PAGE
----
Big interview: A lifetime of equality work - Gus John, Gus John Partnership

By Emily Rogers

| 02 August 2006

Talking to Gus John about his career is like taking a guided trip through the issues facing Black young men over the past 40 years.

John's career, spanning social research, education management and youth work, started in 1965, when as a 20-year-old, he left Trinidad for Oxford to study theology as a Dominican friar.

The young monk's transition to social affairs started when he took on the role of education secretary at the Oxford Committee for Racial Integration, which led to his involvement in issues affecting the children of migrant workers in Oxford schools.

"I don't think the schools generally understood the children's background, their language and culture," says John. "And pretty prevalent at the time was the notion that we as Black people are not as intelligent as White people. As a consequence, people were confusing their lack of understanding of the children with lack of intellectual ability."

John's anger at this sparked a current of political activism that has run through his work ever since.

His new career path opened in 1967, when he decided to leave the Dominican order. He felt uneasy with the Roman Catholic Church's stance on apartheid.

John moved to London and worked as a grave digger for 18 months, spending his evenings as a youth worker at a youth club in the crypt of a church in Paddington.

His youth work experience persuaded him to do a diploma in youth and community work in Leicester, cementing his involvement in work with young people, and started a close association with the Youth Service Information Centre, now The National Youth Agency. He spent the next decade immersed in issues affecting Black young people, and in 1973 he was appointed by the National Association of Youth Clubs (now UK Youth), to head research on policies on working with Black young people in 16 towns and cities.

The resulting report highlighted a lack of consistent policies enabling young people of different races to thrive in their environments.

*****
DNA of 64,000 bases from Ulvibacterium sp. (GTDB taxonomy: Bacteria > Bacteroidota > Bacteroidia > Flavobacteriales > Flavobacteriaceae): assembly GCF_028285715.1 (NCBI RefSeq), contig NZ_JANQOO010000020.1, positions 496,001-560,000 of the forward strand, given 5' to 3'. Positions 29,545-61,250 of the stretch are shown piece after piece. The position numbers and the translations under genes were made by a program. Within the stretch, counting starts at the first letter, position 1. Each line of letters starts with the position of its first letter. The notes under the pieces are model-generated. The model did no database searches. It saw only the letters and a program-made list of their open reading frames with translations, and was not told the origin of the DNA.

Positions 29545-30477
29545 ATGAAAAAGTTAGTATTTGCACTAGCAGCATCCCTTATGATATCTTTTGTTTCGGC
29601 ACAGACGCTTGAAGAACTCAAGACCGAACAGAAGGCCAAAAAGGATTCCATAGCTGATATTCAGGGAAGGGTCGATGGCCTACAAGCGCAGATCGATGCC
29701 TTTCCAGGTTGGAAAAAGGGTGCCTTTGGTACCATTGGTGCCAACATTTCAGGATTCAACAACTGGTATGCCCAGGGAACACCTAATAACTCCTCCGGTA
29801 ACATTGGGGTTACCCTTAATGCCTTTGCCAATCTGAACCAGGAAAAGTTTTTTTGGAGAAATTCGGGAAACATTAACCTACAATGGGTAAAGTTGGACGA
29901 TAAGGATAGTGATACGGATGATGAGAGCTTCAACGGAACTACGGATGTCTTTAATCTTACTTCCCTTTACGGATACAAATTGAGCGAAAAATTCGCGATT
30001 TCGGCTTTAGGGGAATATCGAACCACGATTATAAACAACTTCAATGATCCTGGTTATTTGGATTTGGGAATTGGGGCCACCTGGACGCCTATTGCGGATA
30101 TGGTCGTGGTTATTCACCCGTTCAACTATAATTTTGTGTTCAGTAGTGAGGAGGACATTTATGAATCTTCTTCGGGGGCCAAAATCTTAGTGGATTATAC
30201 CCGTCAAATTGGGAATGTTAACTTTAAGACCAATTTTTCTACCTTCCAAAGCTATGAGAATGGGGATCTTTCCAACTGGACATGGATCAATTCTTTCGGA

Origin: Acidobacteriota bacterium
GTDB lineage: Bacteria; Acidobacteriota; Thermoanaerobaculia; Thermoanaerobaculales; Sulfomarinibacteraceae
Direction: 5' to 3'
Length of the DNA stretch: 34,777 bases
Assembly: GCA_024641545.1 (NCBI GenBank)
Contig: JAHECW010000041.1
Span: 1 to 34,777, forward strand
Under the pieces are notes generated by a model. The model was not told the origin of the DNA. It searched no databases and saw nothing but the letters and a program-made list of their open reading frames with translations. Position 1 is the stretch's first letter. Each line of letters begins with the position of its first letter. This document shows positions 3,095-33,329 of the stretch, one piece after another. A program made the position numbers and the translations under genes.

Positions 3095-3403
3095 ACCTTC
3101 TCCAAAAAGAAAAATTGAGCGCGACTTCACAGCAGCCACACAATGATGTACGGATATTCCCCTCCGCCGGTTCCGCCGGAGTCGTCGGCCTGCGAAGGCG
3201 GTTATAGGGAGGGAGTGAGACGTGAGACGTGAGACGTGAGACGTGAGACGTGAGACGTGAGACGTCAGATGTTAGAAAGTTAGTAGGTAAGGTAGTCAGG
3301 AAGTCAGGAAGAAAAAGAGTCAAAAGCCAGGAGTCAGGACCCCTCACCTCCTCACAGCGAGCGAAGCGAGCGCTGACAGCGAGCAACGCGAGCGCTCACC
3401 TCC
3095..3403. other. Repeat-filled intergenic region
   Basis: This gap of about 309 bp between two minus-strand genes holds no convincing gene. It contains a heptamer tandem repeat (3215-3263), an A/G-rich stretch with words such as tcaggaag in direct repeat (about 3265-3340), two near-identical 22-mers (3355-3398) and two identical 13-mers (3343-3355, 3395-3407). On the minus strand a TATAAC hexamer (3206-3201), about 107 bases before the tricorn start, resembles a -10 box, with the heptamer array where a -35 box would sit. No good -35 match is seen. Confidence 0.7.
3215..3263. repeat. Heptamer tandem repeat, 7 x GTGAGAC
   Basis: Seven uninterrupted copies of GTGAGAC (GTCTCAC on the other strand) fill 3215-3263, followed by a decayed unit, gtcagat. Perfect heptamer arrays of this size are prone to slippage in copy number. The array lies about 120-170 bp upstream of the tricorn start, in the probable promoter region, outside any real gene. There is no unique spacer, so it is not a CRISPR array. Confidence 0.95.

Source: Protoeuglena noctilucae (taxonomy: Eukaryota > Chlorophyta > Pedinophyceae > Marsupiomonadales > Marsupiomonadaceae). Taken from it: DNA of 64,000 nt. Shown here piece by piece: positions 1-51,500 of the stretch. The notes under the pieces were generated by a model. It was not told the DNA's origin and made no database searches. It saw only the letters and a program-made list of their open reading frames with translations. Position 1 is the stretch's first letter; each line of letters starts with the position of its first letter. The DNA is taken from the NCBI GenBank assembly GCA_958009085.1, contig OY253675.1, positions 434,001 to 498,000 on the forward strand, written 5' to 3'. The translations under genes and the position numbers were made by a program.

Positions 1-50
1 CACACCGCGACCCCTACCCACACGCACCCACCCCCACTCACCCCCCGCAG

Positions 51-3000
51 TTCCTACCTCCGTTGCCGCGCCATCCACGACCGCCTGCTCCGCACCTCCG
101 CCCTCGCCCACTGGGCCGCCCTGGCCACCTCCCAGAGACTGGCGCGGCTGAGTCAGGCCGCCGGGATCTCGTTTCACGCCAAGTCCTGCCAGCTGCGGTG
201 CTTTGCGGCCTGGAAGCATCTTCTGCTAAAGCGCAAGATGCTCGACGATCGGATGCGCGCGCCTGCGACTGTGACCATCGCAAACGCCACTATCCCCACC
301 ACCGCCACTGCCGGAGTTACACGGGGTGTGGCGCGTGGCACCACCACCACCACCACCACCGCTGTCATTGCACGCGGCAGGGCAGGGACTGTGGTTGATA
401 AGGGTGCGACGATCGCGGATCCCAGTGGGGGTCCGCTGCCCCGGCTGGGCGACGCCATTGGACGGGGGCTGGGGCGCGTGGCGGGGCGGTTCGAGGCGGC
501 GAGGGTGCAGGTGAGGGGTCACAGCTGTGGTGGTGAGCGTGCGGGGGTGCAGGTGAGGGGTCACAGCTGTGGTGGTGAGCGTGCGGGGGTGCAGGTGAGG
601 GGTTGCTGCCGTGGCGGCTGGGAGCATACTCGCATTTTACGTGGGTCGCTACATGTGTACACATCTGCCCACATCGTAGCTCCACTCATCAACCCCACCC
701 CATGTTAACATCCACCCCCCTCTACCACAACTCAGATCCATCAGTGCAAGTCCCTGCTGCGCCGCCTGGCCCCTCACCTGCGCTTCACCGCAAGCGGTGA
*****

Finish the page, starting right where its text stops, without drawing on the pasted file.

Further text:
John doesn't believe much has changed since then. He views the Government's drive towards community cohesion as "farcical": "Places like Southall and Slough didn't just become like that. Estate agents said that to live around Black people lowered the value of your home, so White people moved out.

"We have to understand that the Government's concern about community cohesion is the concern that should have been there when White people were moving in droves from their homes."

John attributes the widely reported underachievement of Black young men to failures in both governments over the past two decades; the undermining of the social education agenda at the hands of the Conservatives and, ironically, the "education, education, education" agenda pushed by Tony Blair.

"With Labour, the focus on raising achievement tended to displace the time that teachers used to spend trying to help young people's self-development and behaviour management," he says. John agrees with the Every Child Matters agenda "to a point", but is concerned about its conflict with the zero-tolerance approach to bad behaviour, which the Government also encourages.

Since 1996, when he left his role in Hackney as the first Black chief education officer in the country, John has put his energy into consultancy work.

"The system has failed so many Black young men, they don't see the point in putting themselves through it," he says. "I don't think the picture is rosy. It seems the youth service will be reconstructed, and will be expected to pick up casualties from the school system."


- Gus John, 61, heads the Gus John Partnership, an international consultancy formed in 2000 to promote equality, diversity and urban regeneration

- He is also a visiting professor of education at the University of Strathclyde

- His most recent publication is Taking a Stand, a book of his writing tackling issues of education, race, social action and civil unrest between 1980 and 2005, which follows on from his book In the Service of Black Youth published in 1981.

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